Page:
Firefighter paramedics see their challenges increase as the temperature drops
Not only will snow and ice cause it to be more difficult to arrive quickly on scene, they also have to closely monitor their equipment so it works properly.
"At 32 degrees, our policy is that we automatically send a medic unit to any environmental emergency in the cold. So that means if there's a car accident or a patient is outside, at that time, they would automatically, upon dispatch, send a medic unit, so they don't have to wait for a life squad or another unit to get them in a warm environment," said Toledo Firefighter Paramedic Holly Bennett.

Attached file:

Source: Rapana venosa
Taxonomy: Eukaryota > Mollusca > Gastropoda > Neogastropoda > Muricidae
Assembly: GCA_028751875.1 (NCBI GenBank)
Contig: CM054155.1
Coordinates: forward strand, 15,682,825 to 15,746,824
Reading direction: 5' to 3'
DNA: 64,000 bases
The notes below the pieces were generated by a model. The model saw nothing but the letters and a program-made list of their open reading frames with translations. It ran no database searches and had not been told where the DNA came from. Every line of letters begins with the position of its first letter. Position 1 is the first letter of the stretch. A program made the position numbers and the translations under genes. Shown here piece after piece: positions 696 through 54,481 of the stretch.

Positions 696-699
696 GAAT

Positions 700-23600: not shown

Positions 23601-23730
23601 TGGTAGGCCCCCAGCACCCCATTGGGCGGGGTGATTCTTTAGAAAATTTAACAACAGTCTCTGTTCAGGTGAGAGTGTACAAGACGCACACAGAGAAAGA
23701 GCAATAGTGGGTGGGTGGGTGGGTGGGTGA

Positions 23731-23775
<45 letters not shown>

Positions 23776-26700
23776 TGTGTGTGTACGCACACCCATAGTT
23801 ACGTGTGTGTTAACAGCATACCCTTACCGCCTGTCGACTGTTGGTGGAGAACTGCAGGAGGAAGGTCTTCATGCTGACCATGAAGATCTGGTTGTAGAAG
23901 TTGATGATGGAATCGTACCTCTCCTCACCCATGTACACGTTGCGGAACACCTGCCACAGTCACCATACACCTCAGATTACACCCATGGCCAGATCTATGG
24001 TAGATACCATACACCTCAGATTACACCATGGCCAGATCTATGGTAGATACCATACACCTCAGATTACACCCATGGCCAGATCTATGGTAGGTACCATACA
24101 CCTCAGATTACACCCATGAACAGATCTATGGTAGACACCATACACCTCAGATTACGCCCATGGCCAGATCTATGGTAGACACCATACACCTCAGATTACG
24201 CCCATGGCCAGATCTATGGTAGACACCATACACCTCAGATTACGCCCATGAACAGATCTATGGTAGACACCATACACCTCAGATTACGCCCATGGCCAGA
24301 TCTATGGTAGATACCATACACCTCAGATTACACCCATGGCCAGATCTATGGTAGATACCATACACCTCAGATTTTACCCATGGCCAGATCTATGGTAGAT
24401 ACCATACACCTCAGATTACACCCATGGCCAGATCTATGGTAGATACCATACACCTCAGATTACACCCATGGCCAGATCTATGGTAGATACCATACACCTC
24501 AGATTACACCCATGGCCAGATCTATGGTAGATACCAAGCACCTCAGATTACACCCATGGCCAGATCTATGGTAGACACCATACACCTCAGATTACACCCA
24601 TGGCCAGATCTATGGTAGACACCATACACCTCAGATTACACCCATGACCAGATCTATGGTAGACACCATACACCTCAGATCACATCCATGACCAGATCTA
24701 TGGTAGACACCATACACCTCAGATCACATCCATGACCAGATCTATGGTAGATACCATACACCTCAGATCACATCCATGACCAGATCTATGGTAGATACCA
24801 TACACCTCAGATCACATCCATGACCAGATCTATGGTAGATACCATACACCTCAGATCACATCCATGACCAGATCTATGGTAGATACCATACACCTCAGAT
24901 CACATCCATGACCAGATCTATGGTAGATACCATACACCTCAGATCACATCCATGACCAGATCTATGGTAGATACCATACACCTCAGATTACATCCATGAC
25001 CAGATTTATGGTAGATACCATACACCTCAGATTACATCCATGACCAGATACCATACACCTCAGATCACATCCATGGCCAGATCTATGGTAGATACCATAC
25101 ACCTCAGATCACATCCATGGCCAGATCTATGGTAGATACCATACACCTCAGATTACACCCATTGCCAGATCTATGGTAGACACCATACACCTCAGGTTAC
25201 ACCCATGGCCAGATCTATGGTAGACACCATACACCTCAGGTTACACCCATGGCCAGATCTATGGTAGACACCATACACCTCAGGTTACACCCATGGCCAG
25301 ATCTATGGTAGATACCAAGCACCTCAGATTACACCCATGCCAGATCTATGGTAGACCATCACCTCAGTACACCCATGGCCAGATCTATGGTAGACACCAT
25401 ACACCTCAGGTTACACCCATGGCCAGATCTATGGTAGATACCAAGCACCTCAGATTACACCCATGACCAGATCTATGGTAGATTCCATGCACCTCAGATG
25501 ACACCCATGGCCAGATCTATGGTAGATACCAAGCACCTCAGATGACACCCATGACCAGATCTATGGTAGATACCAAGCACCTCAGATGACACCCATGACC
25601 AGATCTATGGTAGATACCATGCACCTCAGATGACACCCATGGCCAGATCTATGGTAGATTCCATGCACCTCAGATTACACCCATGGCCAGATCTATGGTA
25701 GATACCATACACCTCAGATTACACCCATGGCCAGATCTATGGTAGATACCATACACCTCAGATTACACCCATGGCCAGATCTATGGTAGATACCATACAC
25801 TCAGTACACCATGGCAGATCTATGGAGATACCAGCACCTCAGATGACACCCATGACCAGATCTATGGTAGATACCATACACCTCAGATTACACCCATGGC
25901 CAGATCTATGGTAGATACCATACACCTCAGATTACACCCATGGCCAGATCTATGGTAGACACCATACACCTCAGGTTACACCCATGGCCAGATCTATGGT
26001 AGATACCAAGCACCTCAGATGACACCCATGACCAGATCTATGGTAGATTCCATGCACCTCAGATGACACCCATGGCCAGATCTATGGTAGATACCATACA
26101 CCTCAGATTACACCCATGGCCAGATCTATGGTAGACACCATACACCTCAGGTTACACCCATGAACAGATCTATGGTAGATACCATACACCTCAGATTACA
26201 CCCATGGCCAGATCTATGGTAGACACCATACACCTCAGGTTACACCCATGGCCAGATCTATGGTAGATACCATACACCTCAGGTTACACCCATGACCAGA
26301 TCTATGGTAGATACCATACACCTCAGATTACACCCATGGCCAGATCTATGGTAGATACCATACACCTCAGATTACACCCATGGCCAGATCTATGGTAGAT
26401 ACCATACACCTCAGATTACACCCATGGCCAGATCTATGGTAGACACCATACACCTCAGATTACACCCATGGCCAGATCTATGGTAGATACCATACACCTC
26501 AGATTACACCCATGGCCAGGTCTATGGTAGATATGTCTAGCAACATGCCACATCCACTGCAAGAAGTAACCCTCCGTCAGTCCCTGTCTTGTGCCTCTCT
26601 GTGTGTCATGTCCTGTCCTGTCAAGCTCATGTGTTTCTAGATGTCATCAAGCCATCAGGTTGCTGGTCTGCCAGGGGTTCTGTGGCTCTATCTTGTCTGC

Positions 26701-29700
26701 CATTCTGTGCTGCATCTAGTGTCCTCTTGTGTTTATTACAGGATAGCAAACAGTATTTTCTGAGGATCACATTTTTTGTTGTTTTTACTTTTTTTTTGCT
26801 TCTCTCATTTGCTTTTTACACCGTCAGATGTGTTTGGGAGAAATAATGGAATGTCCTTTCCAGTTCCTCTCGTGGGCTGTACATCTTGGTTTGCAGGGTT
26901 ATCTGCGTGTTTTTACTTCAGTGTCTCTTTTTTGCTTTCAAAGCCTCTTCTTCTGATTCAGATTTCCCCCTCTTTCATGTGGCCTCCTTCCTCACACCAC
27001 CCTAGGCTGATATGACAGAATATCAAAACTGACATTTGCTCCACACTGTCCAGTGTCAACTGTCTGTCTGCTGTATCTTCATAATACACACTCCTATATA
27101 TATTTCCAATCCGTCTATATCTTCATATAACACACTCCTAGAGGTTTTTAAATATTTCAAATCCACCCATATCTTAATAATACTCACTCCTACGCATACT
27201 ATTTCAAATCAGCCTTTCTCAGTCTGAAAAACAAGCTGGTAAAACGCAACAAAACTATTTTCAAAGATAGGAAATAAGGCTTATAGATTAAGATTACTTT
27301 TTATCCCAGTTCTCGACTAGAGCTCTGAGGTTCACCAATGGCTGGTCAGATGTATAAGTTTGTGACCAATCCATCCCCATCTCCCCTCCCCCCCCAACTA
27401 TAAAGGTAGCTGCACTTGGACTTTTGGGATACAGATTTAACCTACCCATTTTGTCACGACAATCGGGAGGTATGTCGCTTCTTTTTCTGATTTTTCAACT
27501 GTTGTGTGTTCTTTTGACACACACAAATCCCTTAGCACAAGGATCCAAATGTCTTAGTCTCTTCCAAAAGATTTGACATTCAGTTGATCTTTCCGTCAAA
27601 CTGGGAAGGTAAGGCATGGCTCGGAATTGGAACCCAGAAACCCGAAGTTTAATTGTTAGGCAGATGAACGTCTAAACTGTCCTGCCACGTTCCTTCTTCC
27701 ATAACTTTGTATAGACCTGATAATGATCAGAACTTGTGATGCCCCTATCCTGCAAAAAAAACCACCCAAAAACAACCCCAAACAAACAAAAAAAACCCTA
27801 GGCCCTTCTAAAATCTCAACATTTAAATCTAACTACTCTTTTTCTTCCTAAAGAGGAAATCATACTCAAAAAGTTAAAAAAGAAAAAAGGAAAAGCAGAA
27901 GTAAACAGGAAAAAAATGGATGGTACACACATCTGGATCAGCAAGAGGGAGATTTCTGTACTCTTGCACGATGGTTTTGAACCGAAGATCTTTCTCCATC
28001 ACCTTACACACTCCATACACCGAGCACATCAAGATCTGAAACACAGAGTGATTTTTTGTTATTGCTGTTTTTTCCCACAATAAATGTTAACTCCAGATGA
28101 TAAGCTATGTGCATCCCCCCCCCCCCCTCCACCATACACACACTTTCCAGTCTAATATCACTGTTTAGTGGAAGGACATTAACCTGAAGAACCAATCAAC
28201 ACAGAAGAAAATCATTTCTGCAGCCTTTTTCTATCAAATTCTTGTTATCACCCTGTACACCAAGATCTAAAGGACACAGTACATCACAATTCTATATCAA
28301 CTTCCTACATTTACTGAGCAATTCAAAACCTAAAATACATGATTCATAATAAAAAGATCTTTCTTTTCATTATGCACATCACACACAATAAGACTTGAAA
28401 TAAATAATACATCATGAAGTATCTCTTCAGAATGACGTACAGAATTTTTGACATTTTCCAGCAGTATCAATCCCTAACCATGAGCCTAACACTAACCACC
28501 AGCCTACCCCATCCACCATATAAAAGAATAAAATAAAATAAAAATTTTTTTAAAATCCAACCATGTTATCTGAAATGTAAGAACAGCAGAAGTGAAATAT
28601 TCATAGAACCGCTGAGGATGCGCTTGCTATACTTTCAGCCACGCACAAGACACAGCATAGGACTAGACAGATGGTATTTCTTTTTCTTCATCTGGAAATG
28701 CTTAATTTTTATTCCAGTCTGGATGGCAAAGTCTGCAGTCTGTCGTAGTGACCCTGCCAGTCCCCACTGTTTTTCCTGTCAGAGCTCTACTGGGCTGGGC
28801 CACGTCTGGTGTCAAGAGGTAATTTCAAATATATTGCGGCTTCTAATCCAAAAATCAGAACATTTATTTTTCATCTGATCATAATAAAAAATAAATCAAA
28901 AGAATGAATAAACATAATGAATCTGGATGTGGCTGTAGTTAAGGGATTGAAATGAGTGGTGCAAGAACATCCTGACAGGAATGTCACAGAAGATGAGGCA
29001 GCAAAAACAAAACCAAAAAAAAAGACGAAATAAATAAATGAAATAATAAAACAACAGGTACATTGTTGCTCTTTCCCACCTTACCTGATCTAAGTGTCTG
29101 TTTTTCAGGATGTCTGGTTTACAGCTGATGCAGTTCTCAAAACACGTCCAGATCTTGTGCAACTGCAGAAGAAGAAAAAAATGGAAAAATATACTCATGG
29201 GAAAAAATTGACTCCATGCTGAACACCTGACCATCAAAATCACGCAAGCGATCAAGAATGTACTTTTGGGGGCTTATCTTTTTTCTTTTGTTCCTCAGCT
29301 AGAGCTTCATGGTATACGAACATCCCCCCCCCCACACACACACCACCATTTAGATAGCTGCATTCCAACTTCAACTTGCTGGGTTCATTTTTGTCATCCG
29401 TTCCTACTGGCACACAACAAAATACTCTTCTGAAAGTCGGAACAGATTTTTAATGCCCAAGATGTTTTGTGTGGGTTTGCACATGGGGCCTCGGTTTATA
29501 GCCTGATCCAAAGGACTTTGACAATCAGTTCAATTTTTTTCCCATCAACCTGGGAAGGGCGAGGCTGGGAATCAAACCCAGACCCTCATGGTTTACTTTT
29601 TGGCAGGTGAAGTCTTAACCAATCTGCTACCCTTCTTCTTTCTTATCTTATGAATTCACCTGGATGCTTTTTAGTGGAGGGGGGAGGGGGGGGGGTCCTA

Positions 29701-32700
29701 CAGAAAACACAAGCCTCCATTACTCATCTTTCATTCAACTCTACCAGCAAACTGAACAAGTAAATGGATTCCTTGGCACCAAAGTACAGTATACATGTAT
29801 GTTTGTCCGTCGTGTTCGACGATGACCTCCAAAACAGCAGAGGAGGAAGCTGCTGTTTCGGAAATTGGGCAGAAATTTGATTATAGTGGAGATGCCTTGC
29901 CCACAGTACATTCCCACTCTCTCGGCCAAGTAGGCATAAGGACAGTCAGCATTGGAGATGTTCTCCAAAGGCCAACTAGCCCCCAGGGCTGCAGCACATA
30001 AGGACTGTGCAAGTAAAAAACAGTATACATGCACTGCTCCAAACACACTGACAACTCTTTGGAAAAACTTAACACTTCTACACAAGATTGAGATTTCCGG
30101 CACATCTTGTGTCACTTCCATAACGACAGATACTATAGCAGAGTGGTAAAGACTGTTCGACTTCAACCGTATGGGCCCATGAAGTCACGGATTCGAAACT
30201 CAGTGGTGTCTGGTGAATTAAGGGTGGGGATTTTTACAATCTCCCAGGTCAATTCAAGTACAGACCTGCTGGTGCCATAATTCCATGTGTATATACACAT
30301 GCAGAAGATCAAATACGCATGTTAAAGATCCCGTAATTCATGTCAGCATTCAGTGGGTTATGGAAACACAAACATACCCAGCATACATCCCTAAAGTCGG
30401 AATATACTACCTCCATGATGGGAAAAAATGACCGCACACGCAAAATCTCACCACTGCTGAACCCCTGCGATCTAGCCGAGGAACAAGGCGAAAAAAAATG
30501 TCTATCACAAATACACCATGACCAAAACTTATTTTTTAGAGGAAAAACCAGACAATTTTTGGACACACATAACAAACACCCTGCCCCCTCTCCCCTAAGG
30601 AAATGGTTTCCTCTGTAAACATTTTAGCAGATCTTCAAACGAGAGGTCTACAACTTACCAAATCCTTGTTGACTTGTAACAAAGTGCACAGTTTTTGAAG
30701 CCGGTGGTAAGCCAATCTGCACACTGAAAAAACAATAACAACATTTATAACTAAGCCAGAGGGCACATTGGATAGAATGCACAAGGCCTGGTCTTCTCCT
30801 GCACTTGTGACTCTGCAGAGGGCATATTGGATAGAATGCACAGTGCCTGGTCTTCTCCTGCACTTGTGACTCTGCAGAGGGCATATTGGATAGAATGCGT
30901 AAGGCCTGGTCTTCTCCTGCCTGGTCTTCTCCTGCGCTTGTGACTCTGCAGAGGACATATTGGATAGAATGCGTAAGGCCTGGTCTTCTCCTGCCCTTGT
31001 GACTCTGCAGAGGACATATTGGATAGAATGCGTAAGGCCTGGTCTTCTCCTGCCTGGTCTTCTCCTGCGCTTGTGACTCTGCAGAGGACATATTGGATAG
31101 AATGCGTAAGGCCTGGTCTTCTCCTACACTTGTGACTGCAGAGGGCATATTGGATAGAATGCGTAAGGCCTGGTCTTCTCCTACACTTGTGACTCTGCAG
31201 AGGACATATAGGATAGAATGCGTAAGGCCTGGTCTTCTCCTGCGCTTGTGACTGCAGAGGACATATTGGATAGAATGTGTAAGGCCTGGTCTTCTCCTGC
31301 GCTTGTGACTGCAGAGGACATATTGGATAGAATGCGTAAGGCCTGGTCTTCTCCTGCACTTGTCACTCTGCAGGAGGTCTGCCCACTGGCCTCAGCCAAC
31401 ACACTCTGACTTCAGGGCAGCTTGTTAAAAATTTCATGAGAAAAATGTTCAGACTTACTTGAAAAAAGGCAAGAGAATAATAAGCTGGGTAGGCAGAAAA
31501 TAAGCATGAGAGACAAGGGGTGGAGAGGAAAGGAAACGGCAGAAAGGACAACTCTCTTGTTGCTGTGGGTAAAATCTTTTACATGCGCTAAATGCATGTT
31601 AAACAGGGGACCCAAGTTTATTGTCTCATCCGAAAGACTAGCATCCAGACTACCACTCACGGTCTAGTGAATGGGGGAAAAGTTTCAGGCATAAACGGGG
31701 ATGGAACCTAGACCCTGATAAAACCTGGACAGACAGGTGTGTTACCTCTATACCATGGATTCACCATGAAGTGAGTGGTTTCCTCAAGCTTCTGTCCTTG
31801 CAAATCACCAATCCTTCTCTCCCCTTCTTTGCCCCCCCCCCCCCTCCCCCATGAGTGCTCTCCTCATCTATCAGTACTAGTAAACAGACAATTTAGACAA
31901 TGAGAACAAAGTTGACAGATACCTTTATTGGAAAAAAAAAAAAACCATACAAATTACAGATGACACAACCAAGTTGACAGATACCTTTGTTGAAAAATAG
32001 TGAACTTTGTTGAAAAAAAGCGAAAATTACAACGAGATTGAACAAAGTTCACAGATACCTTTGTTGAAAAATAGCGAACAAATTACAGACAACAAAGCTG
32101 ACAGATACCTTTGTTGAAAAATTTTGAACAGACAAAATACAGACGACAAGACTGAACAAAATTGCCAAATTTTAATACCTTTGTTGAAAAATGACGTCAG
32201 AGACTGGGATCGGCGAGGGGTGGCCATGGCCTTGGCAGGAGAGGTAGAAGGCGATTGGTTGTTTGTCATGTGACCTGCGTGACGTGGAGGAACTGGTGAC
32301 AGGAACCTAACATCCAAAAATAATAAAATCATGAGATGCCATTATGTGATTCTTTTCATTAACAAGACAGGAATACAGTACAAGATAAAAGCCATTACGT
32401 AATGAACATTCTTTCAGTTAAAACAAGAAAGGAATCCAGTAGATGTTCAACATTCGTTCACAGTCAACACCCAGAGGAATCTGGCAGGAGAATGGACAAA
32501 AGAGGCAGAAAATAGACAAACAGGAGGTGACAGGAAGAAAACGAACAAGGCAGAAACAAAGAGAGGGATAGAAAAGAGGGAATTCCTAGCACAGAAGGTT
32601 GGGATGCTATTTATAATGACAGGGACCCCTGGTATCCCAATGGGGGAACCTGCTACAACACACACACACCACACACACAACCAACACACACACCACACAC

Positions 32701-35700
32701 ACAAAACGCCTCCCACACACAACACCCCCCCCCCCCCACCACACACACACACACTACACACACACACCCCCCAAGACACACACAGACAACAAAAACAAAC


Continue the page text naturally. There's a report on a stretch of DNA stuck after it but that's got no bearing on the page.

With the extreme cold weather upon us, challenges arise for first responders, as they try to complete their jobs.
For firefighter paramedics, the difficulties arise on scene, but also on the way to the incident with ice and snow.
"We definitely have to drive more cautiously and try to be prepared for what people are going to do out there, which is very unpredictable."
The equipment for these first responders takes daily maintenence, but even more so during the frigid temperatures.
"We try and keep the vehicles as clean as we can. We wash them everyday, but when the weather is as cold as it is, we can't wash them because the doors will freeze shut. There's other EMS equipment that also has to be taken care of," declared Toledo Firefighter Paramedic David Ferguson.
Once preparations are made, arriving on scene shows its challenges, as well.
"Obviously, we have to use water to fight fires. We have to keep the water moving. Otherwise, the hoses freeze on us. Hydrants also freeze. We have to check those very thoroughly before house fires. Then, we also get wet fighting fires, so we're also at risk of hypothermia in the cold."